Door-to-Door Grocers that Make it Easy to Cook for the Family


The temperature has plummeted and the last thing any of us want to do is trudge through the farmer’s markets, butcher shops and favorite fish stores in the snow and cold–especially those of us lucky enough to have kids in tow. But with a fresh batch of curated grocery delivery services to choose from, we can finally snuggle up in sweats and slippers and wait for the organic kimchi to be delivered to us. Local farmers and small batch producers supply much of the food for these services, and two of these options will even tell you what to whip up for dinner, so you can serve something new without pulling out a cookbook or looking up a recipe.

Toddler meals from Good Eggs, made by Junior's Fresh. The assortment offers adventurous meals like ground lamb with lemony orzo, squash and parsley; pearled cous cous with pancetta, sweet peas & chickpeas; and vegetable quinoa pilaf.

Toddler meals from Good Eggs, made by Junior’s Fresh. The assortment offers healthy, kid-friendly meals like turkey meatballs stuffed with spinach and quinoa over whole wheat pasta and marinara.

For the Farmer’s Market Junkie Who Likes to Shop Online: Good Eggs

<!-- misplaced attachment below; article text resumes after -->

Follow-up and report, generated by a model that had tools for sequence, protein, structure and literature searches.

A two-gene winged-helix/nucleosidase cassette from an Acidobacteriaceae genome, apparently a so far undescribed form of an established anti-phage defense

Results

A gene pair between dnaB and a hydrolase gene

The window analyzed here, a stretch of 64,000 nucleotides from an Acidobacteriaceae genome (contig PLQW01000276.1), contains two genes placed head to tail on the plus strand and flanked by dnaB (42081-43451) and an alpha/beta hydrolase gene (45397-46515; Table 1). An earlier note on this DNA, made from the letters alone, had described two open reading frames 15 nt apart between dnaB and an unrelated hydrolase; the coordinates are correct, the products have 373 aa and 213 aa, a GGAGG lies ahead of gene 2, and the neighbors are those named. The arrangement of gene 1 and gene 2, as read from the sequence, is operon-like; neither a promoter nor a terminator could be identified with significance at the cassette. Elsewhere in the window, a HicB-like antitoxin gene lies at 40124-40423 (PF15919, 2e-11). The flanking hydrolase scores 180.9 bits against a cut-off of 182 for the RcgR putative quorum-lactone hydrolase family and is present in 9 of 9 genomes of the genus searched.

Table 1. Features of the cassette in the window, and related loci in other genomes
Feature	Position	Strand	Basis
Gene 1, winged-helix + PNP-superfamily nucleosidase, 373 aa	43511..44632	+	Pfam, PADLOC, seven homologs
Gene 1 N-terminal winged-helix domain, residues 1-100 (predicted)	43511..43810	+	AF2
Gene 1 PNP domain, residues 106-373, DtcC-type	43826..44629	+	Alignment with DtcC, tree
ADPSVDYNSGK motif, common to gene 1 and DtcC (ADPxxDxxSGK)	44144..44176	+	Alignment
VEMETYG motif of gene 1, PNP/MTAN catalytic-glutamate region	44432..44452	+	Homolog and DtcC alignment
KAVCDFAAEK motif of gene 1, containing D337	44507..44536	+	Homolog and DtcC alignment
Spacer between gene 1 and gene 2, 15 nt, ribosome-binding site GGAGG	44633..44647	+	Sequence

Similar to a CSA, Good Eggs supports local farmers, but lets you select exactly the kind of produce and specialty items you like a la Fresh Direct. It doesn’t sell items like toilet paper, cheddar bunnies, or string cheese–which are all necessities in our house–but it is a good, seasonal way to supplement Fresh Direct (though prices can sometimes be higher at Good Egg on some items). From the website, you just order what you want from a wide selection of produce, dairy, dried goods, meats or even prepared meals. A special baby and toddler section even provides pureed veggies and ready-to-eat finger food trays, like rosemary scented organic chicken breast cubes over sweet pea barley risotto. Facebook-worthy profile pics identify the farmers and producers and make for a cheerful shopping experience. I opted for a bag of baby kale, creme fraiche, ronnybrook milk in a glass bottle, a bag of apples, garlic, green onions, parsnips, a kale souffle, Free Bread gluten-free bread and a dozen (adorably mis-matched) eggs. On delivery day, I realized that I actually wouldn’t be home until the later part of the timeslot. Frantically, I emailed the company to see if I could change delivery days, and unperturbed, they just swung by during the hour I would be home. The adorable delivery person looked right out of central casting for a film called “Brooklyn!”, and the sunny demeanor only frowned when I tried (unsuccessfully) to push a tip into his hand.  As I unpacked my bags of deliciousness, I discovered a “gift” of a snickerdoodle cookie, which was enough to make me a repeat customer.–Meredith Craig de Pietro

Price: Dependent on what you order

Get it: Your choice of free pick up or $3.99 delivery in Brooklyn

photo 4For the Food Lover Who Loves a Surprise: Quinciple